Eviction – Many lenders are offering homeowners cash for keys after a foreclosure sale. These lenders will pay a homeowner a small sum of money, usually about $1500 or so, to vacate the home by a specified date. If the homeowner accepts the cash for keys, he must leave the premises in a “broom clean” condition and remove all his personal belongings from the property before the lender will turn the cash over to him.

However, if the homeowner refuses the cash for keys or fails to vacate the property after the foreclosure sale, the lender will initiate eviction proceedings. Once your lender obtains authorization to evict you, the sheriff or marshal will lock you out of the house. In some states, your personal belongs will be thrown out into the street when you are evicted.

Deficiency Judgment – In most foreclosures, the property is sold for less than what is owed on it, resulting in a loss for the foreclosing lender. In some states, a lender has the right to seek a deficiency judgment to recoup that loss. State law governs the process a lender must follow to obtain a deficiency judgment and some states have enacted legislation which prevents lenders from seeking a deficiency judgment under certain circumstances. Nevertheless, if a lender has the right to seek a deficiency judgment, it must first file a lawsuit against you. In most instances, the lender will win this lawsuit and will obtain an order authorizing collection of the deficiency from you.

If a lender obtains a deficiency judgment, it has the right to pursue all remedies against you. This means that the lender can garnish your wages and levy on your bank account and other property. And until the judgment has been paid in full, interest will continue to accrue.

But there is good news! If you file bankruptcy, it can stop the lender from obtaining a deficiency judgment or from collecting on a deficiency judgment. A deficiency judgment becomes a lien against all your property. However, the Bankruptcy Code will allow you to avoid a judgment lien if it impairs an exemption. This means that the deficiency judgment, whether it’s $10,000 or $100,000 or more, will be treated as an unsecured debt. If you file a Chapter 7 bankruptcy, it will be wiped out. If you file a Chapter 13 case, how much you pay, if anything, will depend on the composition of your Chapter 13 plan.

What if I Can’t Afford to Keep the House?
If you’re like some people, maybe you realize that you simply can’t afford the house or you just don’t want the responsibility of homeownership anymore. That is your decision and the great thing is that bankruptcy can help you walk away from the home. Our bankruptcy attorneys represent dozens of clients each year who make the decision to walk away; so, it’s nothing to be ashamed of.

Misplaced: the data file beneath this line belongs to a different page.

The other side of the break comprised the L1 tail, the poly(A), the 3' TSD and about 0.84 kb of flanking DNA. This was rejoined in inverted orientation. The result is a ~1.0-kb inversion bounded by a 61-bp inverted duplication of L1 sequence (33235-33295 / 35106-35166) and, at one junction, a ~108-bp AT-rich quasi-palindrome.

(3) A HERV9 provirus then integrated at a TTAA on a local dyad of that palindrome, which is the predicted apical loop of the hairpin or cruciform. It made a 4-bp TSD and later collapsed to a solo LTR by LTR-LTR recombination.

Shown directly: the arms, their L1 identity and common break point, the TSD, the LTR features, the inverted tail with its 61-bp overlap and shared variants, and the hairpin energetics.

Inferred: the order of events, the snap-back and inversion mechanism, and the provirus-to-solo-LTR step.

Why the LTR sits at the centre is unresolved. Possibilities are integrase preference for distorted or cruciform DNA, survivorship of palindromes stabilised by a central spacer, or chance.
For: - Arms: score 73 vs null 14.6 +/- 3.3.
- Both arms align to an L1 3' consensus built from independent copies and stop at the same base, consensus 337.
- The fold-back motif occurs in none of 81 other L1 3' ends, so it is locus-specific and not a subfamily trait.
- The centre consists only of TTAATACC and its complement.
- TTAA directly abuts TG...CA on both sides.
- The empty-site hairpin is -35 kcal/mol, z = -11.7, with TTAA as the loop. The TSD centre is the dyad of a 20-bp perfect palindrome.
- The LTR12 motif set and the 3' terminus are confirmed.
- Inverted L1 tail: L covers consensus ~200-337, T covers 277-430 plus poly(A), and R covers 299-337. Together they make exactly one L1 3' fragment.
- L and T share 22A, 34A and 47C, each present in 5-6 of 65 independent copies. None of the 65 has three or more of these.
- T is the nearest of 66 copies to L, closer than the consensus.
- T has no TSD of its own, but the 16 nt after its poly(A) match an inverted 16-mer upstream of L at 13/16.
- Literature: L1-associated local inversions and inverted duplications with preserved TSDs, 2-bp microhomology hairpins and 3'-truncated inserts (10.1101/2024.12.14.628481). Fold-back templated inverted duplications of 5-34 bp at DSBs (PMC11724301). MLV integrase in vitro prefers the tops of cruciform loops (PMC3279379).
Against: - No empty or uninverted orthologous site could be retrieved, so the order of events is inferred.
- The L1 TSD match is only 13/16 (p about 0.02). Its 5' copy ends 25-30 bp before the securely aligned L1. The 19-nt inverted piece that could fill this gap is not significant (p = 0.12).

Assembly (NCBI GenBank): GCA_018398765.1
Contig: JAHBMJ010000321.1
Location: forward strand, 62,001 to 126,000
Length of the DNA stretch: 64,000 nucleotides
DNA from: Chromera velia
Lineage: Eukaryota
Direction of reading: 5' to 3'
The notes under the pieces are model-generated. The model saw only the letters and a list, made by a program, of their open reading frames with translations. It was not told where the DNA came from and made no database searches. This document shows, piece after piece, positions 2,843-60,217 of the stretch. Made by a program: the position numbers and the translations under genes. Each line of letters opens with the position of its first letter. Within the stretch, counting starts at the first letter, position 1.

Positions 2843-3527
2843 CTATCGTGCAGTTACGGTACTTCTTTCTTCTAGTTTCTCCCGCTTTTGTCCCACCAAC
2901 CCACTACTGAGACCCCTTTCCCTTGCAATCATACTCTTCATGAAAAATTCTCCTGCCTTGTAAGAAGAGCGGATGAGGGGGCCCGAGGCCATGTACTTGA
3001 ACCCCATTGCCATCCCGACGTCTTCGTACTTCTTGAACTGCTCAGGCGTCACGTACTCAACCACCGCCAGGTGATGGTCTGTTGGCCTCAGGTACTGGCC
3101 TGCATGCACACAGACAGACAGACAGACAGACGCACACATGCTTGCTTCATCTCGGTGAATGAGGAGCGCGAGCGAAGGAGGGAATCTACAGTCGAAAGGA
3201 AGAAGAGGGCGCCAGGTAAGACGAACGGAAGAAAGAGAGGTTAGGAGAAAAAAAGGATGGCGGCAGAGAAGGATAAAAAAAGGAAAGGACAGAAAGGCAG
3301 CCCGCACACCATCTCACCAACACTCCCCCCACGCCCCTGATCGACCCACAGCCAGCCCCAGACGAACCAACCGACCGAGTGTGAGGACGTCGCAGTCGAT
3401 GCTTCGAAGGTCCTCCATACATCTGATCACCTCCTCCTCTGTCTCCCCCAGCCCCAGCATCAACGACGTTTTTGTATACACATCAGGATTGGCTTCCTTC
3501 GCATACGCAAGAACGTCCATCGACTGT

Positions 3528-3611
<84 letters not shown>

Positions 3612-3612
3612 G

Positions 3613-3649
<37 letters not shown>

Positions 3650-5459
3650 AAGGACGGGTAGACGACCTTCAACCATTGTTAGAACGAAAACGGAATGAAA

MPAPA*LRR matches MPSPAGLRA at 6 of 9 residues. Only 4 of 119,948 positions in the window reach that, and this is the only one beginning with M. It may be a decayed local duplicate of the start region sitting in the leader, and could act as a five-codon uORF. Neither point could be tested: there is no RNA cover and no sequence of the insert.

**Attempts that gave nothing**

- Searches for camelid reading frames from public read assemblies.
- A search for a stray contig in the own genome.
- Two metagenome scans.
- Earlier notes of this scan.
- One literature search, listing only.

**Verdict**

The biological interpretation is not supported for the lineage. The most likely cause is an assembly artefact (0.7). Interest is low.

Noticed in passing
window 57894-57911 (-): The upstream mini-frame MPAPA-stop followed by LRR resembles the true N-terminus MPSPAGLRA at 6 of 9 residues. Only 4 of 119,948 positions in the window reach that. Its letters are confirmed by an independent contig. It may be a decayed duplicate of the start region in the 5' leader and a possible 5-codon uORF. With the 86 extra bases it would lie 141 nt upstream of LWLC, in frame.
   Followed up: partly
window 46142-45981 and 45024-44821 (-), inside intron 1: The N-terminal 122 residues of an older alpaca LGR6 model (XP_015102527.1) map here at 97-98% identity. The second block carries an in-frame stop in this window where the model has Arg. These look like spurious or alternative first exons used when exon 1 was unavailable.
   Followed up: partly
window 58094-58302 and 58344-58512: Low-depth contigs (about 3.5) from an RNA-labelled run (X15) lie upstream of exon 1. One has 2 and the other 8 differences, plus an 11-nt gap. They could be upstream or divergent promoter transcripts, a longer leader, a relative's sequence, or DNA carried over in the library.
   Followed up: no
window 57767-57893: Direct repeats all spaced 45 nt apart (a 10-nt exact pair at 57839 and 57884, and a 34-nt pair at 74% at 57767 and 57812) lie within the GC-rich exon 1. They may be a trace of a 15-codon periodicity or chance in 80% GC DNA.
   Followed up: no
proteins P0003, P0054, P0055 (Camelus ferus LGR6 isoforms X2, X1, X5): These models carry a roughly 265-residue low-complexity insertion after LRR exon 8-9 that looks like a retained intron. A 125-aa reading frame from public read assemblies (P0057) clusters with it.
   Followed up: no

Whether you file a Chapter 7 or a Chapter 13 case, you have the right to surrender your home. If you choose to surrender the home, you must vacate the premises within a specified period of time and turn possession over to your lender. If the home is worth less than what you owe, the difference will be classified as an unsecured debt. If you file a Chapter 7 case, it will be discharged. If you file a Chapter 13 case, the amount you will pay on that difference will depend on how much you can afford to pay. But the bottom line is that your lender will not have the right to seek a deficiency judgment against you to recoup its loss.

Will Bankruptcy Help if I Have a Second or Third Mortgage?
It is not uncommon for homeowners to have a second or even a third mortgage on their home. At Advantage Financial Services we see it every day and we are able to help some of these homeowners eliminate these junior mortgages through a legal process called “strip off”. The Bankruptcy Code gives debtors the right to strip off (eliminate) wholly unsecured junior liens. Strip off is a very powerful tool for homeowners who have junior mortgages and are underwater (owe more than what their home is worth) and often makes the difference between being able to keep a home and having to walk away from it. If you have questions about how strip off works, give our bankruptcy attorneys a call; they will be happy to explain strip off and to answer any other questions you may have about bankruptcy.

The Power of Bankruptcy to Stop Foreclosure
Bankruptcy is the most powerful tool you have to stop a foreclosure. The automatic stay of bankruptcy stops your lender from foreclosing without first obtaining permission from the bankruptcy court. Additionally, filing bankruptcy buys you time to:

· Get the money you need to bring your mortgage payments current or
· Sell the property.

You see, you are not at the mercy of your lender or your other creditors. Filing bankruptcy allows you to take control of your situation and gives you the ability to make decisions without pressure from bills collectors or the threat of foreclosure or repossession hanging over your head. But it’s important that you call Bankruptcy Professionals as soon as possible. You don’t have a lot of time if your lender has already initiated foreclosure proceedings. Our bankruptcy attorney are available to explain exactly how bankruptcy can be used to stop foreclosure and to help you get the bankruptcy process started. Don’t be embarrassed to call; our bankruptcy attorneys know how desperate you are to find a solution and they are prepared to assist you in any way they can.